“The government will send emissaries and delegations to different countries to inform them about the Indian aggression on the Line of Control and human rights violations in occupied Kashmir by the Indian forces,” he said.
 Drug, staff shortage in ECHS polyclinics hitting patients hard
Vijay Mohan
Tribune News Service

Chandigarh, October 26
Defence veterans in the region are complaining of an acute shortage of medicines, including essential drugs, in polyclinics being run by the Ex-Servicemen Contributory Health Scheme (ECHS).

“There was no shortage of medicines till 2013. The situation, however, has deteriorated in the last 10 months,” said Col Kuldip Singh Grewal (retd), president of Punjab ex-servicemen welfare association. As a result, patients, especially old and invalid coming from far-flung places, are unable to get the required medicare, he said.

A pilot project was conceptualised to outsource the dispensation of approved medicines to private vendors to overcome the drug shortage. The file of this project was sent to the Ministry of Defence in January this year, but approval has yet to be granted.

The Armed Forces Medical Stores Depot (AFMSD) at Delhi is responsible for bulk procurement of medicines and issuing the same to various ECHS polyclinics through Military Hospitals. Polyclinics located at non-military stations have local purchase powers to buy medicines from the market in case of non-availability from dedicated sources. Similarly, Military Hospitals have been adequately equipped to purchase short supply medicines from local chemists. Though adequate provisions exist for ensuring medical supplies, procurement has apparently taken a hit.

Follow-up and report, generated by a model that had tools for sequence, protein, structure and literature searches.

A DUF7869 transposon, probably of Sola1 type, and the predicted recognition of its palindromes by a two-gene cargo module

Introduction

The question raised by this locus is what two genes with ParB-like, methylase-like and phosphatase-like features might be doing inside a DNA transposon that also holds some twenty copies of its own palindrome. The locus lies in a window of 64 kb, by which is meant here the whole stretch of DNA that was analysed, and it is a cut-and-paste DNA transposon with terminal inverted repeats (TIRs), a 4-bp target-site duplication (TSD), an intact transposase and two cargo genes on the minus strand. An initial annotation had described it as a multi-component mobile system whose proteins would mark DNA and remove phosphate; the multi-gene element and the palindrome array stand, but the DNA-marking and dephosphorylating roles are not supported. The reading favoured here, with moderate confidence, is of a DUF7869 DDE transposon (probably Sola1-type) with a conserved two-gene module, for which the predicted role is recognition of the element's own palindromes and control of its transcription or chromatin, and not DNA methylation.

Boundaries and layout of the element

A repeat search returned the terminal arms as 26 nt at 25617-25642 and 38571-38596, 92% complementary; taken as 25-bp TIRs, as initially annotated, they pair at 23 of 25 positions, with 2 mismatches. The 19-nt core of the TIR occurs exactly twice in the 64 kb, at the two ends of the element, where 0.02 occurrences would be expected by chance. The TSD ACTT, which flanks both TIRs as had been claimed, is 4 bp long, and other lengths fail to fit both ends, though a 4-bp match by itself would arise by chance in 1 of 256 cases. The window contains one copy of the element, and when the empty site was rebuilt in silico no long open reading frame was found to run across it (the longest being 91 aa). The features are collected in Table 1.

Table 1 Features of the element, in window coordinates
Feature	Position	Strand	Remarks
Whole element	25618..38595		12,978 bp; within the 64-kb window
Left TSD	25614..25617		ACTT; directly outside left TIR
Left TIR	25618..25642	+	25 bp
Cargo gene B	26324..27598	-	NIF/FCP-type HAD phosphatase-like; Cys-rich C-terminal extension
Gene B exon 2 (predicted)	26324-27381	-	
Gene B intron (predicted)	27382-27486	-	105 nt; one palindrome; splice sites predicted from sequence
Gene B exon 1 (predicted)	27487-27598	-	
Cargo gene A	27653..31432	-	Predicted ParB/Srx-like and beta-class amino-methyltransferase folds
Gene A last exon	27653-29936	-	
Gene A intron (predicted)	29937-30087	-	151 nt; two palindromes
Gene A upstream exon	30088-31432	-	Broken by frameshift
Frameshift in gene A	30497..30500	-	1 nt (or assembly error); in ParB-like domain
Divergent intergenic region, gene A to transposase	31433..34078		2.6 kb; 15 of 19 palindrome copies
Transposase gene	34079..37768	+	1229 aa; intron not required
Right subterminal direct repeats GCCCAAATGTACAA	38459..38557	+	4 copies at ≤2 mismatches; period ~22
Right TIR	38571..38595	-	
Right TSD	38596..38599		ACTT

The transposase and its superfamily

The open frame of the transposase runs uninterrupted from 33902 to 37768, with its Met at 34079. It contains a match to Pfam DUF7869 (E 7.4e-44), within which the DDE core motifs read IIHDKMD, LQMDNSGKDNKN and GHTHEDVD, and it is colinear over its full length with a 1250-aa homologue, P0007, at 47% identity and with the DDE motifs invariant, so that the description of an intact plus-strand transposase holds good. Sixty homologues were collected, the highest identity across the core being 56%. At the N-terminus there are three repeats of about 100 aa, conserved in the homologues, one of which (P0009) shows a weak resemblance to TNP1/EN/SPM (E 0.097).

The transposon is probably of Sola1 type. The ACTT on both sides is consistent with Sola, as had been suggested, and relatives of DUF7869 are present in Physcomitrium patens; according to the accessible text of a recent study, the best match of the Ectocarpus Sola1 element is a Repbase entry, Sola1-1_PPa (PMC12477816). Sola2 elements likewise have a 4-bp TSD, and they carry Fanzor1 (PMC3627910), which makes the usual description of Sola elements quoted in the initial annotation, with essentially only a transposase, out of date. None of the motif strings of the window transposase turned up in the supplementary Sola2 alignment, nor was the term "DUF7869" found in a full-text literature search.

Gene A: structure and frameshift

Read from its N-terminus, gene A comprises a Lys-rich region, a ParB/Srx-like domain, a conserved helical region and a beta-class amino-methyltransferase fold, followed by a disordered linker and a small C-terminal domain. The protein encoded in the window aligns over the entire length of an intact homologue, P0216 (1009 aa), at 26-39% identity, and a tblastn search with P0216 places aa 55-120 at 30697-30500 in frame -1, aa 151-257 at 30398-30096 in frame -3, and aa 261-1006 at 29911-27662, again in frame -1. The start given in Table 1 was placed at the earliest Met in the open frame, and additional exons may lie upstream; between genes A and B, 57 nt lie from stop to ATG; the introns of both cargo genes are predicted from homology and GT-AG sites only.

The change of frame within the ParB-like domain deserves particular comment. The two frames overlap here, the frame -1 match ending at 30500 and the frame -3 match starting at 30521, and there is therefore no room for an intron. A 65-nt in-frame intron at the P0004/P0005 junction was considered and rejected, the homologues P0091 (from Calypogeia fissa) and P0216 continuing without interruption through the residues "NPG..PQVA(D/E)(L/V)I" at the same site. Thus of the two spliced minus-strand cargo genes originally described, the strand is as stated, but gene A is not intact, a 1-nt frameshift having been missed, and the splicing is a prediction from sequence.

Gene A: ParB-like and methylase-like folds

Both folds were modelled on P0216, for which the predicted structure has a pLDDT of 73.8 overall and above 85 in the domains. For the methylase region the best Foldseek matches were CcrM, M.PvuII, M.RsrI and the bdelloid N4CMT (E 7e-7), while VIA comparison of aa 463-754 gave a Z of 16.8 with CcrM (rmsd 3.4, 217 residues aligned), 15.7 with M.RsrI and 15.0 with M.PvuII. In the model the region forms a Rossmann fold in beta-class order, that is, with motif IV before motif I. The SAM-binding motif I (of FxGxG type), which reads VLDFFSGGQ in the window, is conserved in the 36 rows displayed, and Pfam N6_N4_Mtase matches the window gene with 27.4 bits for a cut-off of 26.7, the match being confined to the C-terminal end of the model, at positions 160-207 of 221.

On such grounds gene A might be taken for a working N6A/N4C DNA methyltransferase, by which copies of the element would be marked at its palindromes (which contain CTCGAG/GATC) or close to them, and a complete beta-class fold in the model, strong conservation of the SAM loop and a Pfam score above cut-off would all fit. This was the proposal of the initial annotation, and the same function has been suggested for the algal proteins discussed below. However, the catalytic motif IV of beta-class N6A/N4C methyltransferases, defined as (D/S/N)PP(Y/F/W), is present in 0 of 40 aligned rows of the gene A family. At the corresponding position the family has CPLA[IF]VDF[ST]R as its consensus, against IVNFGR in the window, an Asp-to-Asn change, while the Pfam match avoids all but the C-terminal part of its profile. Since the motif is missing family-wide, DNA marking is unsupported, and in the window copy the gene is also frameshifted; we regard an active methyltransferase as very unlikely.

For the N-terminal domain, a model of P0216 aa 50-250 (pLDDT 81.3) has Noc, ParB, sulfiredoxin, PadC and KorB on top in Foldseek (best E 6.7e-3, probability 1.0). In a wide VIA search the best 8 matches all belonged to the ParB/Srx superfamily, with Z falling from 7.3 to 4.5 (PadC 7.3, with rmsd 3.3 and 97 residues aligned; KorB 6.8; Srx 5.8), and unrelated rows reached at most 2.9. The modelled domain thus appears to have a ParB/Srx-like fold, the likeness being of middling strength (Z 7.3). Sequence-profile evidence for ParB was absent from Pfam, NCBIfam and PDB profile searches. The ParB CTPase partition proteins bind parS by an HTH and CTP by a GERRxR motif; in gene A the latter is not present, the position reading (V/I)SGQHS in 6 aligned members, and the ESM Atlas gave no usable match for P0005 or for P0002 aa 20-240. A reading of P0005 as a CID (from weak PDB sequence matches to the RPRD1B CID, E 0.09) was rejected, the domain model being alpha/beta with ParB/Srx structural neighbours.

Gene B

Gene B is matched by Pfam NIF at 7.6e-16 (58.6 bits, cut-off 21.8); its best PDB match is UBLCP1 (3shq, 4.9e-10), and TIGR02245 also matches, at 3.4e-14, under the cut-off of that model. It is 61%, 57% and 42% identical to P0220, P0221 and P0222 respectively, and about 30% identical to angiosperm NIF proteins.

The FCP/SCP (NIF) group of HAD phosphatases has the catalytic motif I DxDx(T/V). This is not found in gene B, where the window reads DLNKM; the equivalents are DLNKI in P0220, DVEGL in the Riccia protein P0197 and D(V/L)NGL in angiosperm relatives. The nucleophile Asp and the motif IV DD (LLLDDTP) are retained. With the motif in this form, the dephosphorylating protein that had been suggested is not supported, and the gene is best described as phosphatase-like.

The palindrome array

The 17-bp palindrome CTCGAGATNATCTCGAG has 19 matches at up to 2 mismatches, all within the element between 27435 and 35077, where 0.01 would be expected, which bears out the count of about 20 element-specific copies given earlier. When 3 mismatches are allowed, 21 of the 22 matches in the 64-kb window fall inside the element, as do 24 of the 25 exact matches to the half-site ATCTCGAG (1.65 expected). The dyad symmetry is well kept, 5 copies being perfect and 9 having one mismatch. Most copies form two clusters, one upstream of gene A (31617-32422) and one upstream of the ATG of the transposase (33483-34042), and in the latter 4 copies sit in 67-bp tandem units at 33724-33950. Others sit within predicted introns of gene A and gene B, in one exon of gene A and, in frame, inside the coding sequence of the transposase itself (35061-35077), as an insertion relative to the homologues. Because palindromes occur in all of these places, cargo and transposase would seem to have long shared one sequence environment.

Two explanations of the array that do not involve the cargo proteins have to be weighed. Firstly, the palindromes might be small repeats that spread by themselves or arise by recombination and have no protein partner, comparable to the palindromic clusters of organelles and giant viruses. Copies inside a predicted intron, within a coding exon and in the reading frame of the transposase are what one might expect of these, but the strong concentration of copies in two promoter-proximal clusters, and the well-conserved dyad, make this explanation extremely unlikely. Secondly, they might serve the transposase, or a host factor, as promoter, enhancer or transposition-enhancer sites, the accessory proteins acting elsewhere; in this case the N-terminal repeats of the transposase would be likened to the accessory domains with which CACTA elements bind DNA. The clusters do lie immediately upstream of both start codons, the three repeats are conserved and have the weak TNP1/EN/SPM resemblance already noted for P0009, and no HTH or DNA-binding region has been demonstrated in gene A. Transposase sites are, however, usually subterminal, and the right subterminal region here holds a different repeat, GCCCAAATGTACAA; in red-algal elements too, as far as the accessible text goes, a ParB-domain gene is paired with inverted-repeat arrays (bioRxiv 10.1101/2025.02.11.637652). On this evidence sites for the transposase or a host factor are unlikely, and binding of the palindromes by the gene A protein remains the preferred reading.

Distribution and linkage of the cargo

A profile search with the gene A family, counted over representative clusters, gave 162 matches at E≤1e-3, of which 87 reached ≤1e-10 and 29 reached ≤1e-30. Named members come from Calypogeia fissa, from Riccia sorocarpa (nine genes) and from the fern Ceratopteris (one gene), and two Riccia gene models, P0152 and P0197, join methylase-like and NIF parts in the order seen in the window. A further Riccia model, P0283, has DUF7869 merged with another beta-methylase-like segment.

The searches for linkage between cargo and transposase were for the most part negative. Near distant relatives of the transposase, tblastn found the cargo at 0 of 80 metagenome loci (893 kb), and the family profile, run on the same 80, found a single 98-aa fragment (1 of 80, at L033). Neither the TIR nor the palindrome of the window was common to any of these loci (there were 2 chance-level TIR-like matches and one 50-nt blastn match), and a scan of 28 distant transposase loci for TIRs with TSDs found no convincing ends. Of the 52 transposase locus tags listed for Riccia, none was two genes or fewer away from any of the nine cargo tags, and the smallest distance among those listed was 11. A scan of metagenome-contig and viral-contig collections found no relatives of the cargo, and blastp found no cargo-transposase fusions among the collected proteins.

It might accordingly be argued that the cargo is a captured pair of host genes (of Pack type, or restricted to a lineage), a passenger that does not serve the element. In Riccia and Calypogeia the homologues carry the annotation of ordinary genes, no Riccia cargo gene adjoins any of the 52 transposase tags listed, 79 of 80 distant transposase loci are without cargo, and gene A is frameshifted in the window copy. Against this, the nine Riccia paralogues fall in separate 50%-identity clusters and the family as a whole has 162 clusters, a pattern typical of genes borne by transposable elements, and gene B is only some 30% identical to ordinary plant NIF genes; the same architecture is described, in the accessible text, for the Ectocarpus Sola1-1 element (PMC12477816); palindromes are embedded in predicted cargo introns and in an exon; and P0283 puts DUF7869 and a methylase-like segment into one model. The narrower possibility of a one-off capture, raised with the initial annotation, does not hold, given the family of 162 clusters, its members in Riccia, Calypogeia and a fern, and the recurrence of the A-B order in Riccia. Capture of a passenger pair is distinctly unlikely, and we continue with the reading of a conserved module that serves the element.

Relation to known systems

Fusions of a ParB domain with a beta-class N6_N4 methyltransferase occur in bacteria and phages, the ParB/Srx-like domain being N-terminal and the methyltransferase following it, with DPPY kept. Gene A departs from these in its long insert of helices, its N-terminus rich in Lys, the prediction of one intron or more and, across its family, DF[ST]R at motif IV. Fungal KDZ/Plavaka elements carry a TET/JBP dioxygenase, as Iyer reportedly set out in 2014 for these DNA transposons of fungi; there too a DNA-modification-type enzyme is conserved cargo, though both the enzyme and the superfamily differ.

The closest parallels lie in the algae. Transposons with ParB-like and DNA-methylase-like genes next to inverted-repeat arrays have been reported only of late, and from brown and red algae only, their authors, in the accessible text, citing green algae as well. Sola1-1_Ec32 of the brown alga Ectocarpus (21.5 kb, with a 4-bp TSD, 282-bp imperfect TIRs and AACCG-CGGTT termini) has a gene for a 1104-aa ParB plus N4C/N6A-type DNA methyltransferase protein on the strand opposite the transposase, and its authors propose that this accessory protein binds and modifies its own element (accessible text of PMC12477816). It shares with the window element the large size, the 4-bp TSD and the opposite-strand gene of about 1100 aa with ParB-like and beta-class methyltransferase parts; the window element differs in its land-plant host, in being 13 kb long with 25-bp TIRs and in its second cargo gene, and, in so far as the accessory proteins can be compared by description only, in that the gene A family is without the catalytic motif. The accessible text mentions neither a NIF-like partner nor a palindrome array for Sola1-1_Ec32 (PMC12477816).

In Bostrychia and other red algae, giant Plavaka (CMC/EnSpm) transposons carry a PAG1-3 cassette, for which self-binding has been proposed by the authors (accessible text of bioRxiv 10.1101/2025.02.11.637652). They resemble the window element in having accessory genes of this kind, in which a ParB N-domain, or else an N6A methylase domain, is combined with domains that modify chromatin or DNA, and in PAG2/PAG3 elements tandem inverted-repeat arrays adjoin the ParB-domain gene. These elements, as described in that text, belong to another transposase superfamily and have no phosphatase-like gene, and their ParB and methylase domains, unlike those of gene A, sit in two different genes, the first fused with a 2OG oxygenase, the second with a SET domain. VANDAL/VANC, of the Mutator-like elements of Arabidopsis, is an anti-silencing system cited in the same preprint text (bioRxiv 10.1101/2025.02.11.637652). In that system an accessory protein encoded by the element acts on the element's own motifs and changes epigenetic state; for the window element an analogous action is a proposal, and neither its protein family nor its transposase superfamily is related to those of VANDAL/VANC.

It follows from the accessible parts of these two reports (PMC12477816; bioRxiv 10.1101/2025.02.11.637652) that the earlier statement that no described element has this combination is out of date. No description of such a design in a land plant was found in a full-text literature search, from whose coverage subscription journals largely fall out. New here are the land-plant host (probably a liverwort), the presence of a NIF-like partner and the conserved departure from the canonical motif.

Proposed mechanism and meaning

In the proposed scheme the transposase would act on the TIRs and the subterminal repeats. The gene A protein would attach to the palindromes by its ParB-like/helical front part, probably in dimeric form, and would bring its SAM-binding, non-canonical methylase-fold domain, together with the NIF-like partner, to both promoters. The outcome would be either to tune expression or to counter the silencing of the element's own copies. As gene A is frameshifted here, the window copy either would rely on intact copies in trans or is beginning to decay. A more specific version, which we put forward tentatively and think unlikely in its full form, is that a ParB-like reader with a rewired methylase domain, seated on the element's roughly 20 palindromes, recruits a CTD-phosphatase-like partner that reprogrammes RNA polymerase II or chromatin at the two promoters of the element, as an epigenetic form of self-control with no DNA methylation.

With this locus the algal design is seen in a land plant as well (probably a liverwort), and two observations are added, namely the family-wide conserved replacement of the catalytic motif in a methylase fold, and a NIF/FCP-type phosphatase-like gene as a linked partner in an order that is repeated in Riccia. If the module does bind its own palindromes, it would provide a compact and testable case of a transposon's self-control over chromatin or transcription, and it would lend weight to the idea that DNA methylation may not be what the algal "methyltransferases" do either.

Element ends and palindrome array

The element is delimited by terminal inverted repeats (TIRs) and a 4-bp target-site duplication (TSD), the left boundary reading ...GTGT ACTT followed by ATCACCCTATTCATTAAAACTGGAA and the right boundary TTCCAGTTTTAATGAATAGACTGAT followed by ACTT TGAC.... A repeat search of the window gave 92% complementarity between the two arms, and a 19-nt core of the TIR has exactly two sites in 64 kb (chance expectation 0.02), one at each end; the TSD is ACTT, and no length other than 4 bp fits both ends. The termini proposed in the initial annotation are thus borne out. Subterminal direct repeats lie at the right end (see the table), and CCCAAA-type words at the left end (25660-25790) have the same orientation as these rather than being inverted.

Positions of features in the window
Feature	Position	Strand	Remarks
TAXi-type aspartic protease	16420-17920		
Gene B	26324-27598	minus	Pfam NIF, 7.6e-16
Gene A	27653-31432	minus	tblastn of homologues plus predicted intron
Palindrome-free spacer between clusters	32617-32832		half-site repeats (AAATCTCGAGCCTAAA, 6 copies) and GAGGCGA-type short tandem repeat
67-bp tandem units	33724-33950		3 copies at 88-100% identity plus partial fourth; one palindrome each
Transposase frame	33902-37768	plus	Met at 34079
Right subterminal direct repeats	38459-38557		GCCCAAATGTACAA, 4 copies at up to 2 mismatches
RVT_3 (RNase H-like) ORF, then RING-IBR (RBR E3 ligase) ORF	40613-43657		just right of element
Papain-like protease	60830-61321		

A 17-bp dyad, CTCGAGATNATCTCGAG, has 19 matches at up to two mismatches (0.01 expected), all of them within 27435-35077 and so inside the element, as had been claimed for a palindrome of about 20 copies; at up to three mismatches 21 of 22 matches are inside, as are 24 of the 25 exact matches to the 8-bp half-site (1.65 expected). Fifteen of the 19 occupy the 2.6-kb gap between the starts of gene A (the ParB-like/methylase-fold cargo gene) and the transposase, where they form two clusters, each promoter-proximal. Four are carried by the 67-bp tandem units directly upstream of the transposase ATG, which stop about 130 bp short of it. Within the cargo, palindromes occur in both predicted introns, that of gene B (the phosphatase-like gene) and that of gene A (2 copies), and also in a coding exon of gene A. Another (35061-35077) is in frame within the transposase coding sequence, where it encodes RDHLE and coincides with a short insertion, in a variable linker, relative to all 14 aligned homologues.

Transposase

Official sources said the shortage of medicines in ECHS polyclinics has been a matter of concern for long, with the satisfaction level of the supply of medicines being only 60-65 per cent. Some measures, including the proposed outsourcing of pharmacy services, have been initiated to alleviate this problem. ECHS authorities are also going in for fixing rate contracts and price agreements with supplies for different stations.

Launched in April 2003, the ECHS, at present caters to 13.41 lakh veterans and 31.35 lakh dependants. While there has been a consecutive increase in the number of veterans subscribing to the scheme, the number of dependants has, over the past few years fallen by about 1.36 lakh due to removal of ineligible individuals.

Sources said inadequate medical, para-medical and auxiliary staff in polyclinics was another major shortcoming in the scheme and the issue was being redressed through hiring additional contractual staff. The authorisation of medical staff across the board has been increased from 5,091 to 6,800.

To further streamline the scheme’s functioning, certain policies and operational guidelines have been modified. The rates of some specialist and super-specialist treatment that can be claimed by empanelled hospitals have been revised. The ECHS management has also permitted subscribers to choose their parent polyclinic depending upon the place of post-retirement settlement.
 Navy orders probe into financial irregularities

New Delhi, October 26
The Eastern Naval Command has constituted a Board of Inquiry (BoI) to look into allegations of financial irregularities against some senior naval officers.

The board will investigate the allegations made by Shipwright Artificer Sunil Kumar Sahu, a sailor posted at INS Kattabomman in Tirunelveli, Tamil Nadu, a statement said.

The sailor, in two written complaints made October 13 and October 20, raised allegations of financial irregularities against his superior officers.

A three-member BoI, headed by a Commodore-rank officer, is expected to submit its findings in a fortnight.

The statement said Sahu has been carrying out non-strenuous duties as he suffers from generalised seizures and low backache. On Oct 22, he was observed to be in a state of hyper anxiety and agitation.

Considering the limited medical facilities at Tirunelveli and safety of the sailor, Sahu was shifted to the nearest naval hospital Sanjivini Oct 23 for observation and medical attention.

On a request from the sailor, his family has been permitted to accompany him to the hospital, as a special case. — IANS
 Rao Inderjit visits Chandimandir
Tribune News Service

Chandigarh, October 22